Quirks & Quarks with Bob McDonald


July 16 - Best of Quirks: Big Game Science

How Canadian grizzlies compare to fat bear week winners, researchers are eavesdropping on noisy lynx, the discovery of ancient female big game hunters, and more.

How Canada's grizzlies would fare during Fat Bear week

Research shows that grizzlies have been adapting to human encroachment on their habitat — but they pay a heavy price.

Grizzly Tinder: Bears rubbing up against trees may be their dating calling card

Researchers always suspected bears rubbed trees to communicate, but didn't know what was being said. Now, a new study is the first to find a link between rubbing trees and mating success.

Purring, fighting, chaos and crunching bones: these are the sounds of the Canada lynx

By attaching audio recorders to a top predator in the boreal forest, researchers were able to eavesdrop on Canada lynx as they slept, fought, and went on the hunt.

What well-watched wildlife does when humans aren't around

Researchers are using COVID-19 lockdowns to study how ecotourism changes bear behaviour in the Great Bear Rainforest.

In the ancient Americas, female big-game hunters were common

New study finds that in early hunter-gatherer societies, 30-50 per cent of big game hunters were female

July 10 - Best of Quirks: Great Women in Science

Jennifer Doudna talks CRISPR, Andrea Ghez discusses supermassive black holes, Suzanne Simard shares some wisdom from the forest, and more.

CRISPR pioneer Jennifer Doudna reflects on Nobel win, calls for 'responsible use' of gene editing technology

French microbiologist Emmanuelle Charpentier and American biochemist Jennifer Doudna won the 2020 Nobel Prize in Chemistry, marking the first time an all-female team has won any science Nobel.

Extreme astrophysics: new Nobel laureate Andrea Ghez's work on supermassive black holes

American astrophysicist Andrea Ghez won the 2020 Nobel Prize in Physics for her discovery of the black hole at the centre of the Milky Way.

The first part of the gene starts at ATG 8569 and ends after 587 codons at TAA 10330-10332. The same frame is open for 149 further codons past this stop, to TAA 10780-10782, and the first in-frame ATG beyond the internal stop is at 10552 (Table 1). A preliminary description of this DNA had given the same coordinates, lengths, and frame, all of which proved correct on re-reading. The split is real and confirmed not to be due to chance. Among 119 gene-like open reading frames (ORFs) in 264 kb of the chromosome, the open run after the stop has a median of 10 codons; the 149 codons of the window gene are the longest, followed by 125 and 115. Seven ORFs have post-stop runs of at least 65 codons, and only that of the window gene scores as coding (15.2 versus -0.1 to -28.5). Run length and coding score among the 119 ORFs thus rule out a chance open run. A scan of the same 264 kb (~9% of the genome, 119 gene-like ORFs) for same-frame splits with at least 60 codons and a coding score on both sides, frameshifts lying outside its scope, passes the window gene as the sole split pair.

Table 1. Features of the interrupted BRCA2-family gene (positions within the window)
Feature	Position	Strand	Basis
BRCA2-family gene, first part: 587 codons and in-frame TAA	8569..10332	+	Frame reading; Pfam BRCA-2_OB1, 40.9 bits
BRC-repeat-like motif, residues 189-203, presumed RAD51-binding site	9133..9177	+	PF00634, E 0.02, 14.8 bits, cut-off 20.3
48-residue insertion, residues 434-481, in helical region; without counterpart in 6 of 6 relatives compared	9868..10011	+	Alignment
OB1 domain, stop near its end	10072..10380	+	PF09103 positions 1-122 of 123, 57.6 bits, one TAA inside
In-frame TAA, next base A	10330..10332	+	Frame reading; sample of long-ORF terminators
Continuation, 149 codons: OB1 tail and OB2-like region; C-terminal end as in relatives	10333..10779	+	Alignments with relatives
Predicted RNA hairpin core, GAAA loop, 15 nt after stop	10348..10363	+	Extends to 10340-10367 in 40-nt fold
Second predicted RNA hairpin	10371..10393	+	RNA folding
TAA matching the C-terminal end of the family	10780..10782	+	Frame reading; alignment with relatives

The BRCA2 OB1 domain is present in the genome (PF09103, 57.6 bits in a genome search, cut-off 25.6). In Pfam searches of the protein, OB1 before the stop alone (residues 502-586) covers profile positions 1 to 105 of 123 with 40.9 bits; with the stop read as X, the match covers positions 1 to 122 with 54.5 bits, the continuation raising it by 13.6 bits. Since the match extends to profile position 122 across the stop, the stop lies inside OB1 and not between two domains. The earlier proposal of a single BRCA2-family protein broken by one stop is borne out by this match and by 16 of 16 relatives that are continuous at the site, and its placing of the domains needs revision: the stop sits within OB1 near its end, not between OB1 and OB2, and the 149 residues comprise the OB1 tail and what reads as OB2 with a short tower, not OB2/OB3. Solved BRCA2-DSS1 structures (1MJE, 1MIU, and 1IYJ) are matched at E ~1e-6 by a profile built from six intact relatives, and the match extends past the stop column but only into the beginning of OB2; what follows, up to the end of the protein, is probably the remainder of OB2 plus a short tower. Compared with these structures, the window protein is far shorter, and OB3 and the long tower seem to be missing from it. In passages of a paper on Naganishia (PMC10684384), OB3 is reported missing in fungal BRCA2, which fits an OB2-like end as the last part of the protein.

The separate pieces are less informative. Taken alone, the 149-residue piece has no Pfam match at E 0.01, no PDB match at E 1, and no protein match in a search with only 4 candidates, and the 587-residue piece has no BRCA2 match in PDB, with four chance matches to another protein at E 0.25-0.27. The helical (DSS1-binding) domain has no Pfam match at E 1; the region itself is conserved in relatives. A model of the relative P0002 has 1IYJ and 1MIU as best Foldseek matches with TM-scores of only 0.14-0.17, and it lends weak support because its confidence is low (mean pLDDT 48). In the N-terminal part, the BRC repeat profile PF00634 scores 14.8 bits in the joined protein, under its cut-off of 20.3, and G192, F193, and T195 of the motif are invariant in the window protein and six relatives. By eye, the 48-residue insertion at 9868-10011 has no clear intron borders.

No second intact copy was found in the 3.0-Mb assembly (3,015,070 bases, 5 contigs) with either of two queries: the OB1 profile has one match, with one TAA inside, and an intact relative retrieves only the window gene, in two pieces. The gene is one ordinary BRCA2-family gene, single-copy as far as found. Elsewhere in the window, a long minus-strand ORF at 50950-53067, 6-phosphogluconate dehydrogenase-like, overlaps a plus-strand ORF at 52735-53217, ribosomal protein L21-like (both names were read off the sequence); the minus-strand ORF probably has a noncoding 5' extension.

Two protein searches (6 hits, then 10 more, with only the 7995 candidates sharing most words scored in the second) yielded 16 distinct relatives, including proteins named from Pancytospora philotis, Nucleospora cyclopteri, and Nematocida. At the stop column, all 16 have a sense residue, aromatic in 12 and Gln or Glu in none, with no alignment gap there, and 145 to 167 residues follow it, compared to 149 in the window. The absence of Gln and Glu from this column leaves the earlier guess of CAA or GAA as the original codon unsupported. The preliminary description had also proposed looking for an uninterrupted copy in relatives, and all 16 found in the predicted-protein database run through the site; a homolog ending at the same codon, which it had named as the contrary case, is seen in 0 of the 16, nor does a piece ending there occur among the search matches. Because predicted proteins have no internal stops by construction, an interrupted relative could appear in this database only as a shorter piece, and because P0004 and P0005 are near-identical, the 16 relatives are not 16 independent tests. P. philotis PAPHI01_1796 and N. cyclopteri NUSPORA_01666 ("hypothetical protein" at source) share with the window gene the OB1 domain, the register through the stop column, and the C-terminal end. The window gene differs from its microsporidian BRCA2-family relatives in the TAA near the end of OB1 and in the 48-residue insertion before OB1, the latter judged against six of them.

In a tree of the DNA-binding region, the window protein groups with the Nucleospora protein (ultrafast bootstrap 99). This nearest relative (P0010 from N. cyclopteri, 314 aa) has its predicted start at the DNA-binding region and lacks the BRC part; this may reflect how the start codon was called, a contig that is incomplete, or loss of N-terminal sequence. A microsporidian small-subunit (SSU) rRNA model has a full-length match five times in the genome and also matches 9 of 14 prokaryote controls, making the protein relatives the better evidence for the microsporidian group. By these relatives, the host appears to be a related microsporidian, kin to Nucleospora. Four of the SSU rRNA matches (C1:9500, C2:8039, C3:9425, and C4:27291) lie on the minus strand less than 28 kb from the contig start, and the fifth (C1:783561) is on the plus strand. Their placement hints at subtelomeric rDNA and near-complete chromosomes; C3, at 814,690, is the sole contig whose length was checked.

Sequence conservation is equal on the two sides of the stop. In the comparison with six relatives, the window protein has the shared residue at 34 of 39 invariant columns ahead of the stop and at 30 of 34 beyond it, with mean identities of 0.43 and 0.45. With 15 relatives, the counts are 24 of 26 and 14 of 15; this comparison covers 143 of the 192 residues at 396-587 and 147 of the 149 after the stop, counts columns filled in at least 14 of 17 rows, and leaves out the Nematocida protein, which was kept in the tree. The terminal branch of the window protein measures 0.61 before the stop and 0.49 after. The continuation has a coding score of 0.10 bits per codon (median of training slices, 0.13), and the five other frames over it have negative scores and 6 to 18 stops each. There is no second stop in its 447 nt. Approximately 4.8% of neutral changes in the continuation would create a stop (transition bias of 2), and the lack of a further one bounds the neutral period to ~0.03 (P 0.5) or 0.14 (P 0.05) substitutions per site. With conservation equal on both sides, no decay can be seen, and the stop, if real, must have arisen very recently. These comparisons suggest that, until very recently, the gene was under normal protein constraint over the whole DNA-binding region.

Biomedical engineer Molly Shoichet wins Canada's most prestigious science prize for 'hydrogels'

Hydrogel give cells a more realistic three-dimensional space to grow in than a standard petri dish

A pioneering forest researcher's memoir describes 'Finding the Mother Tree'

Suzanne Simard has found that forest trees are connected with an underground circulatory system that allows them to communicate and share resources, and that 'Mother trees' are the most connected of all.

July 3 - Best of Quirks: 2020 Summer Science Special

Fishing with the boys, COVID garbage, recognizing Black birders and searching for cougar kills

A Fisheries biologist coped with COVID shutdowns by drafting his kids as research assistants

Their cottage lake was a research site and the three young boys caught fish and collected data

A stranded plastic pollution researcher maps COVID litter in her backyard

When her plan to research plastic pollution on an island in Alaska was canceled due to the global pandemic, one researcher turned her attention to COVID litter on the streets of Toronto.

Studying sparrows and launching a movement in support of Black scientists

How one ornithologist spent her summer doing double duty studying coastal marsh sparrows and organizing a social media movement in support of Black birders.

Dangerous, difficult and disgusting — Tracking cougar kills gives insights into the big cats

Researching cougar predation in southern BC could help us understand how increasing human activity is influencing the big cats' behaviour. And there were kittens.

Jun 26: The Quirks & Quarks listener question show

How much of a lake is fish pee? What's corn silk actually for? What happens if you break wind in a space suit? And much more....

UFOs may be real, but that doesn't mean they are alien spaceships

Bob McDonald’s blog: The US intelligence community and military will be submitting a report to their congress on unidentified flying objects

Jun 19: Fish out of water get smarter, a star's disappearing act, echidna's 4 headed penis and more…

Sponges get a move on and the multi-generational impacts of DDT

Could a Canadian company's new project finally make fusion power a reality?

Bob McDonald's blog: Vancouver-based General fusion uses a unique technology to duplicate the heart of a stars. It's one of several fusion projects underway around the world.

Amphibious fish out of water get a brain boost from exercise

Researchers put amphibious fish through a land-based exercise program and found they got smarter and their brains grew. This may help explain what happened when our ancestors left the oceans hundreds of millions of years ago.

A large star that pulled a disappearing act may be a new kind of 'blinking giant'

The giant red stars likely have a binary companion with a large disc that eclipses the star over a period of months.

Echidnas have a unique 4-headed penis but only use half at a time

Using 3D models, researchers have been able to learn more about the strange genitalia of the short-beaked echidna, including how it functions.

They're not speedy, but these seafloor sponges are on the move

Sponges are generally thought to be stationary, but evidence to the contrary has been observed on a submerged Arctic ridge

Sick legacy — how DDT exposure from the past can affect many generations to come

Study indicates that the granddaughters of women who were exposed are more likely to menstruate early, become obese and develop breast cancer